“That’s Why They Made Arms…”, A Father’s Lesson

1951 Dad at Ptown

“Pardon me”, I mumbled, while stretching and reaching in front of a shopper more involved with a cell phone call than picking a yam and moving outta the damn way… (excuse my tone, but, yes, I was becoming impatient in a grocery store).

“It’s okay”, she replied curtly, “besides, that’s why they made arms.”

Regardless if it was sarcasm, naïveté, or simple courtesy, her reply completely disarmed me, no pun intended.

I had no retort except to sigh and smile, which was not a bad thing. If we all could be coy enough to react to interruptions and interferences with a bit of sugar-coated sarcasm, there would be fewer angry people.

My ‘old man’ (I never called him that, but it seemed to fit well here) was a hard worker in every sense, fishing being no exception. He would rouse us early from our warm bags and onto the water before sunrise and before the fish started feeding. We worked hard for the catch and ridiculed, even scorned, the late arriving boats, the ‘9 to 5ers’.

A late Spring morning found us fishing for striped bass in a small bay somewhere on the Cape Cod coast (fishermen never reveal exact locations). With anchor down and the morning fog burning off, we were surrounded by schools of stripers and enjoying water thumping hits every cast. The late arrival from a shoreline dock noticed us and slowly motored his skiff closer and closer, casting deeper and deeper into ‘our waters’, hoping to be part of the action, himself, but failing miserably.

You could see it coming, my dad’s tolerance level fading fast, beginning with icy glares over our bow and across the water at this intruder who was oblivious to the angler’s rule, ‘you don’t fish in another man’s water’.

I was impressed with his effort to maintain control and decorum, but not surprised when he dropped his rod, cupped his hands in a funnel around his mouth and delivered a bellowing invitation, dripping with sarcasm…

 “Why don’t you come closer?”

The gulls watched from a buoy, the water went glassy, the fish quit working. We were surrounded by silence, waiting.  And then, it came…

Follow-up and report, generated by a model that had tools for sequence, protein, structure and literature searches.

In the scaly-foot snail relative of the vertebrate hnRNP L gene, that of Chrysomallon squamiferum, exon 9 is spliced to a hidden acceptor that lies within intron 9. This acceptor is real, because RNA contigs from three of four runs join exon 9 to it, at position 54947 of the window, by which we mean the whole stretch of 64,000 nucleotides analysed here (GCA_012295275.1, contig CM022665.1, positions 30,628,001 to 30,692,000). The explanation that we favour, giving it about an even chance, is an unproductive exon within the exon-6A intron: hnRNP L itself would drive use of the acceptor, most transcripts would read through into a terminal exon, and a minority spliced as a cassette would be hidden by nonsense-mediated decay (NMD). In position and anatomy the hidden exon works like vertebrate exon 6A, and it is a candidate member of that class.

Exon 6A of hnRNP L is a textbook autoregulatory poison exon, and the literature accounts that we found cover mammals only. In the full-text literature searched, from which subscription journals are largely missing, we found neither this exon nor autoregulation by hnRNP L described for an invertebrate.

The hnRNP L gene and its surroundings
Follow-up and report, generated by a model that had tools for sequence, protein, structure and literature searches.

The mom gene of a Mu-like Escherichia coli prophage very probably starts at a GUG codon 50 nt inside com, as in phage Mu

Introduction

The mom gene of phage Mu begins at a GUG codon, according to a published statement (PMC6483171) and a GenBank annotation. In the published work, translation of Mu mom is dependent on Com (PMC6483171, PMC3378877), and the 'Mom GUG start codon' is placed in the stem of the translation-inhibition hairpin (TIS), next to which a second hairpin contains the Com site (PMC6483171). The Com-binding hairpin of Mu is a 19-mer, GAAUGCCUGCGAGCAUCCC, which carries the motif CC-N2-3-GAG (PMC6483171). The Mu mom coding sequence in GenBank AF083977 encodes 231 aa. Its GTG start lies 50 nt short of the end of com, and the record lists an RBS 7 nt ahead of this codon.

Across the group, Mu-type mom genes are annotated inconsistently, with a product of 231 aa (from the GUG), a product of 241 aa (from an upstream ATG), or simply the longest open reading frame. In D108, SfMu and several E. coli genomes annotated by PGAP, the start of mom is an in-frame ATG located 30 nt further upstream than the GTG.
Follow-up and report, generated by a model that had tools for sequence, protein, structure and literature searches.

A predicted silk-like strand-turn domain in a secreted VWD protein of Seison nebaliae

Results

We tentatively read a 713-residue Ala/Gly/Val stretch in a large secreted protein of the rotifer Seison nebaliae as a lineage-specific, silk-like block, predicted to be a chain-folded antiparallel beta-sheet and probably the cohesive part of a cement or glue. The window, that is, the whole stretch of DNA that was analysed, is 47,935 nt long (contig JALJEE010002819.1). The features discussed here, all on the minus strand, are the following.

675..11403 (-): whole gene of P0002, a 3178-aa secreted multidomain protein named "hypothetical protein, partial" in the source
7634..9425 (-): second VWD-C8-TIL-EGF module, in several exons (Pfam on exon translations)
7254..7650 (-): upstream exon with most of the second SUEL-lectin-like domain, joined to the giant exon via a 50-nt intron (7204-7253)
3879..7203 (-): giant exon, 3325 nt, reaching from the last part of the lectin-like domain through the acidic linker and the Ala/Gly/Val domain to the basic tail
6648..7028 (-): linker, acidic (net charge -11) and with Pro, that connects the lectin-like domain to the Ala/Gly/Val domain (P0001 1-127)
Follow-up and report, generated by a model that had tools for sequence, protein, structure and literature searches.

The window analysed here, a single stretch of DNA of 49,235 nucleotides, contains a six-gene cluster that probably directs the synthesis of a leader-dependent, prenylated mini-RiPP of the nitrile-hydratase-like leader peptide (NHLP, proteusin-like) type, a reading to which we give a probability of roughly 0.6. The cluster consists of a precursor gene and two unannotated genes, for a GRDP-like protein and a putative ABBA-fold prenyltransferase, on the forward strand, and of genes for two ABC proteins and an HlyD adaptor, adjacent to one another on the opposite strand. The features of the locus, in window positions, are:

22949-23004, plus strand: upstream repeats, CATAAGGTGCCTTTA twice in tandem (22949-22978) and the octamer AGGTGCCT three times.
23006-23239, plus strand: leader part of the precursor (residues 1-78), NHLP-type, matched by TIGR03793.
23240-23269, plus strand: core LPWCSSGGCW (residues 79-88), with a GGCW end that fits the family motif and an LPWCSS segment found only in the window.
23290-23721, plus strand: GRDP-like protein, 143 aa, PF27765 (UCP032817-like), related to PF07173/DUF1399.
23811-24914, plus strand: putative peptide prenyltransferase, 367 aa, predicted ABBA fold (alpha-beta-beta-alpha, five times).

“Thanks, but I think it’s the lure!”

It was a classic mocking response,  deliberate and subtle.  My father was at a loss for words … but not action.

The ‘old salt’ grabbed the wheel with one hand, gunned the motor, spun the boat to roil the water and headed to shore. With the other hand, he reached upward and back toward the interloper, and with nary a glance, delivered the anglers’universal one finger response.*

I realized then, years before my grocery store episode…

That’s why they made arms!

Steve B

dedicated to ‘the old man’ who has filled my life with stories and lessons

*the writer does not approve this behavior, then or now…

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Retired in 2013 after 5 years as an elementary school teacher and 40 years as a sales representative to begin anew as a school crossing guard. SMy essays/stories are a way to communicate through the telling of personal experiences. One reader said about my blog stories, "...these are like a cold sip during a marathon run, simple, real life events". Another offered about my blog, “it brings some sense of normalcy not easily found in the modern world.”

18 thoughts on ““That’s Why They Made Arms…”, A Father’s Lesson”

    1. Thank you Ida Beth. This was a bit of an odd story, jumping from a recent episode to way back in time. I hope I pulled the picture together. My point was to show the subtle, decent sarcasm people can use when responding to rudeness. Obviously, the subtlety was lost on my father. I laugh when I recall it. Don’t you love ‘buoys’?

      Liked by 1 person

      1. You can tell by the picture of him in the sand on some Cape Cod beach in the 50s, he was his own man who took things seriously. As a kid, I respected the dickens out of him. As an adult, I revered him. He was from a time when men were different. Yet, a gentle man. He would be as nice as he could be to that same ‘stranger’ if they met…ashore.

        Liked by 1 person

  1. Steve I love how you juxtaposed the two events, it’s sad how rude my generation has become but I learnt something today-there is no reason to respond the same way-sometimes just being quiet and going about your merry life saves the day! Great post.

    Liked by 2 people

  2. Great story Steve and great way to start 2017! I had a feeling that picture was in Cape Cod, which is one of our favorite vacation spots growing up and to this day!

    Liked by 2 people

    1. Thanks, Mike, and Happy New Year. Every weekend in Spring and late Summer, we were at the Cape fishing. My dad and four older brothers ‘owned’ the beaches in the 50s when it was primarily fishermen and sun worshippers. Then came the 60s and the place exploded. Caught lots of stripers & blues. Very crowded now. Glad you liked the story. More coming…


  3. I loved this! I was smiling all the way reading through it. I ❤ your writing!! I’m a fan.

    I just started taking writing seriously and doing something with it… but, i hope to be able to one day soon write like you.

    -an admirer

    Liked by 1 person

    1. Wow, what a nice compliment. I’m just a guy with a few stories about life trickling from my memory banks. I enjoy the challenge of writing. It’s especially rewarding when someone else likes them and tells me. Thank you so much. I’ll be looking for yours. (Steve)


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